I’ve always found January to be a reflective month. And this month I’ve found myself thinking about why I make art and what my art is about. You may think these questions would have quite obvious answers, that as an artist I would be able to answer them simply and straightforwardly. Well, it turns out I can’t, but I am enjoying trying. The answers come in fragments and partial pieces, which I have tried to patchwork together for you here.

Helen Wells colourful and patterned art

I share these thoughts in the hope that they might help you to think about your own creativity and why you make what you make. That perhaps in unravelling my own areas of inquisitiveness it may prompt you to question what makes you curious, intrigued and fascinated. Because, once you’ve thought about and identified those threads of curiosity, it is so much easier to follow them…


In making art I feel I am better able to understand myself. I believe that in making art I meet myself. Creating something from nothing is a way of unlocking something within me which I may not have the ability to articulate or understand on a purely intellectual plane. In creating art I am better able to understand my place in the world. It allows me to perhaps see the world through a more considered lens and to understand the things that captivate me, expand me and give me pleasure.

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In a previous blog post I’ve talked about the importance of creativity in my life and the joy it has brought to it.

Now I will endeavour to unpick the threads of that creativity and explore a few of the things that light me up and intrigue me. The things that my art is about:

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Ever since I was small I have had love affairs and obsessions with some of the magical occurrences in the natural world. From snow flake structures, to the colour and shapes of fossils or shells, the iridescence of feathers and fish scales to the patterns the sea makes in the sand. The architecture of an individual leaf to the magnitude and majesty of the night sky on a clear evening. I’ve always found these wonderful details inexplicable and fascinating. I find that the closer I look at these details the more unbelievable and beautiful they became. The complexity and beauty in the natural world is something I strive to celebrate and honour in my work.

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When I was a child, we moved house when I was about four, I can very clearly recall the pattern of my bedroom wallpaper, the pattern on the curtains, the pattern on the stairs carpet, the pattern on our then neighbour’s biscuit tin, the patterns on my little skirts and dresses. it seems to me that I have always been obsessed with patterns, natural or engineered. When I was young I always wanted to be a textile designer, I just loved going to the haberdashery shop and seeing all the patterned fabrics nestled next to each other, somehow I loved the way the patterns clashed and danced with each other, a maximalist cacophony of pattern which made my heart sing. I’m still in love with pattern and frequently use patterns in my artwork. My living space is full of coloured carpets, embroidered cushions and painted jugs, it is not minimalist, but exuberant, cheerful and celebratory. My artwork is often the same.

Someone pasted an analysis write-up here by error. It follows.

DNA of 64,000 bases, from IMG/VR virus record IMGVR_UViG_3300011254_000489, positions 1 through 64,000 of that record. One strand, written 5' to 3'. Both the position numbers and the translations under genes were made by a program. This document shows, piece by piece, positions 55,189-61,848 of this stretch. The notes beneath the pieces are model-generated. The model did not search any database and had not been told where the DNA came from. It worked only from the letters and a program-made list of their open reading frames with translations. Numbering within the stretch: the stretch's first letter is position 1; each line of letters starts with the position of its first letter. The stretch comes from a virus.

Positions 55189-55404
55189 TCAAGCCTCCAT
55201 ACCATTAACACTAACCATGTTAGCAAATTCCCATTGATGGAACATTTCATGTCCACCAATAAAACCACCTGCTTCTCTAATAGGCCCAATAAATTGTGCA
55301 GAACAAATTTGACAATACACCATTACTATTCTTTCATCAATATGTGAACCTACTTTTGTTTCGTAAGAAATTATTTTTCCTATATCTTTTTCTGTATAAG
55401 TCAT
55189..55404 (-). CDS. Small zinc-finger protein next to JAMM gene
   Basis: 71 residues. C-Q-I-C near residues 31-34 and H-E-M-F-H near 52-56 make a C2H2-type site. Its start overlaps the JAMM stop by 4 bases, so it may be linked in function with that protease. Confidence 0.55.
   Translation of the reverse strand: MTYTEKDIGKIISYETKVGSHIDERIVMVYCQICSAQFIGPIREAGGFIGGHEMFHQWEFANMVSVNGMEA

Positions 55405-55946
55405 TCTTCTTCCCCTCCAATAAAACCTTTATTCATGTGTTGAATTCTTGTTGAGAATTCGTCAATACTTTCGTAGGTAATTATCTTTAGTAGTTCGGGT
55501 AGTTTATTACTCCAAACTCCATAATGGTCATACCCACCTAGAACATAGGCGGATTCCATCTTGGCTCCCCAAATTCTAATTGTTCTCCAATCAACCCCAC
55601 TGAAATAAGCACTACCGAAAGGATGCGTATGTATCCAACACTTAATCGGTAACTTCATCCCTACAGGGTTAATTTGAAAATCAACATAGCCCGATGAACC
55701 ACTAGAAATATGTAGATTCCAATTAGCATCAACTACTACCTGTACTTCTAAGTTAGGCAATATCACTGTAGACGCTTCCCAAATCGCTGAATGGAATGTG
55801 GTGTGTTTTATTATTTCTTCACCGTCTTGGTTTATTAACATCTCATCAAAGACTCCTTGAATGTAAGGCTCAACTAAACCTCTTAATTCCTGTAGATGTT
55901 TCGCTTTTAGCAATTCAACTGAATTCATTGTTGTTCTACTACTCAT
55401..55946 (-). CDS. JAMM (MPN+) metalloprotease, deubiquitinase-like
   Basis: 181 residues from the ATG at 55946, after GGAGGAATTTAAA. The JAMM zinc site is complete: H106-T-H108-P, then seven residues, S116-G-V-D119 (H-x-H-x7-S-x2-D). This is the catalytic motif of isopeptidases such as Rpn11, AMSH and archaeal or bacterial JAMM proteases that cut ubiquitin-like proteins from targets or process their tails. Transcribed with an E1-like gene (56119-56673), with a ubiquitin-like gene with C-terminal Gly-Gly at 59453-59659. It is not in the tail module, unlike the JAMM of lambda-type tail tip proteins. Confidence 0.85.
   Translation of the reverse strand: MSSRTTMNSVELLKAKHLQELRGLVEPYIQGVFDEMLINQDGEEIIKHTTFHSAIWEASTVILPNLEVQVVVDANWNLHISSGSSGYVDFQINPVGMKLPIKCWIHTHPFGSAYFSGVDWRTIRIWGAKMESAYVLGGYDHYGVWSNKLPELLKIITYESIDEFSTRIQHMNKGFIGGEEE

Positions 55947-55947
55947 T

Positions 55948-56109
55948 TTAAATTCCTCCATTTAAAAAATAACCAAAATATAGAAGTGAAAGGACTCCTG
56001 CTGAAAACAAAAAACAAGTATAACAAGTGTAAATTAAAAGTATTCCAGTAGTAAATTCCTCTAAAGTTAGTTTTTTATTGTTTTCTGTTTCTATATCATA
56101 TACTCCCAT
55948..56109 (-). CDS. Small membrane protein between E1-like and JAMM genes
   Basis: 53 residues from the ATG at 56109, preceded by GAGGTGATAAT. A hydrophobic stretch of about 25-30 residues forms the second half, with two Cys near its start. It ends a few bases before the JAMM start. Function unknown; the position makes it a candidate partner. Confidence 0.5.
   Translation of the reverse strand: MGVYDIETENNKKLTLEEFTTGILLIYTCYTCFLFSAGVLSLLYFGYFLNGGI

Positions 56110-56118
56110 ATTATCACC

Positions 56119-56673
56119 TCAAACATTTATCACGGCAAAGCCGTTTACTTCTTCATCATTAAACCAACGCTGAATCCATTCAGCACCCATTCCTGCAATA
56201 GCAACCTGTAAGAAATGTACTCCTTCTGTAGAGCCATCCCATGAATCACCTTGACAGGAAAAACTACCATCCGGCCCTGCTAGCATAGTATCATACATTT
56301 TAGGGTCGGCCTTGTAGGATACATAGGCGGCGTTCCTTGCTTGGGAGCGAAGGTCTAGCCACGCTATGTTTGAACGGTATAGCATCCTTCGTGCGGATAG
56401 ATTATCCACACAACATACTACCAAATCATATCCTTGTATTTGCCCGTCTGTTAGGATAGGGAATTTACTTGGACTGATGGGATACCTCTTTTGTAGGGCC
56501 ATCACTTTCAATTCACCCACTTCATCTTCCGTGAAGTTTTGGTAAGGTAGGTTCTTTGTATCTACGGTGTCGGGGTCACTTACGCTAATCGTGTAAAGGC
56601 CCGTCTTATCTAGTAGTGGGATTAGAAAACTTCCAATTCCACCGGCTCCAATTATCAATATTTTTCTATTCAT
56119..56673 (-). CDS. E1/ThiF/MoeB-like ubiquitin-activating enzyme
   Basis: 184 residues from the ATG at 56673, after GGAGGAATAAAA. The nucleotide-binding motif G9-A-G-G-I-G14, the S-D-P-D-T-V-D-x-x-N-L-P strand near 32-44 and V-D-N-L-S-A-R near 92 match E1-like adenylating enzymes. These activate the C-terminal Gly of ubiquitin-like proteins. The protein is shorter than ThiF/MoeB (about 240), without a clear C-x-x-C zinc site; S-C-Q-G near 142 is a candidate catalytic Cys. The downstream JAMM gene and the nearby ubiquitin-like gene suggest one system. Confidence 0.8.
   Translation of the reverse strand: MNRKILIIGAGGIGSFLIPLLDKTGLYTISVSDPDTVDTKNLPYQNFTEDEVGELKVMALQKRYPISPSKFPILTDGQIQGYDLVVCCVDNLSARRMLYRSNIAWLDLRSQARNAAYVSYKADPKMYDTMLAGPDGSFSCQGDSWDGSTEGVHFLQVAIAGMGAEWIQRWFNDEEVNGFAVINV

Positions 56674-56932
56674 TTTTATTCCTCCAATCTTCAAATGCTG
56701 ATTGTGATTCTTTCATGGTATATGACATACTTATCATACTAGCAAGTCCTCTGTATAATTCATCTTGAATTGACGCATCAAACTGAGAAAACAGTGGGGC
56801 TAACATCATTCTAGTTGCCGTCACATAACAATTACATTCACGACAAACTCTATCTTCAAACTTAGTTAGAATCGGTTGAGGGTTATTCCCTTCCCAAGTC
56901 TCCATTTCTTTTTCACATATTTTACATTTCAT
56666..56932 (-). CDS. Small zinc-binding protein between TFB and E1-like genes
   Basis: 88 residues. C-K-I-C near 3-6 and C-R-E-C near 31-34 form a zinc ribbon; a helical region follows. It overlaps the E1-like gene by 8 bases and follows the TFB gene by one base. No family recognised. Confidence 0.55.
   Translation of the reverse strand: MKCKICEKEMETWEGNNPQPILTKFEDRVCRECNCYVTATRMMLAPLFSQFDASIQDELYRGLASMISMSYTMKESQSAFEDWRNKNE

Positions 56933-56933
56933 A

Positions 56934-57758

I once had a rather bruising and humiliating entry-interview for a famous art college in London. They wanted me to justify the thought process behind my artwork to move it away from being ‘merely decorative.’ The interview was a disaster, but the dismissal of the decorative as meaningless and worthless made me curious. Why was it that decorative motifs are found in every society in history but are not considered fine art. It led me to do a lot of reading on folk art, outsider art, art forms which have historically been associated with women and therefore labelled craft and not high art. Now I am unapologetic about the decorative nature of my art work. I revel in it. I believe that the way we decorate our living spaces can affect how we feel and that a burst of colour, pattern and the ‘merely- decorative’ can bring joy, energy and contentment.

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I obviously have many more curiosities; colour and how different colours bring out different aspects in each other, the physicality of paint, the tactile nature of hand made art, how using multiple layers and mixing different mediums together create unusual and intriguing effects that make you want to look longer and see more. Perhaps I can expand on those areas on another occasion.

I hope in some small way these meandering words may make you ponder on what fascinates you and on what fires you up…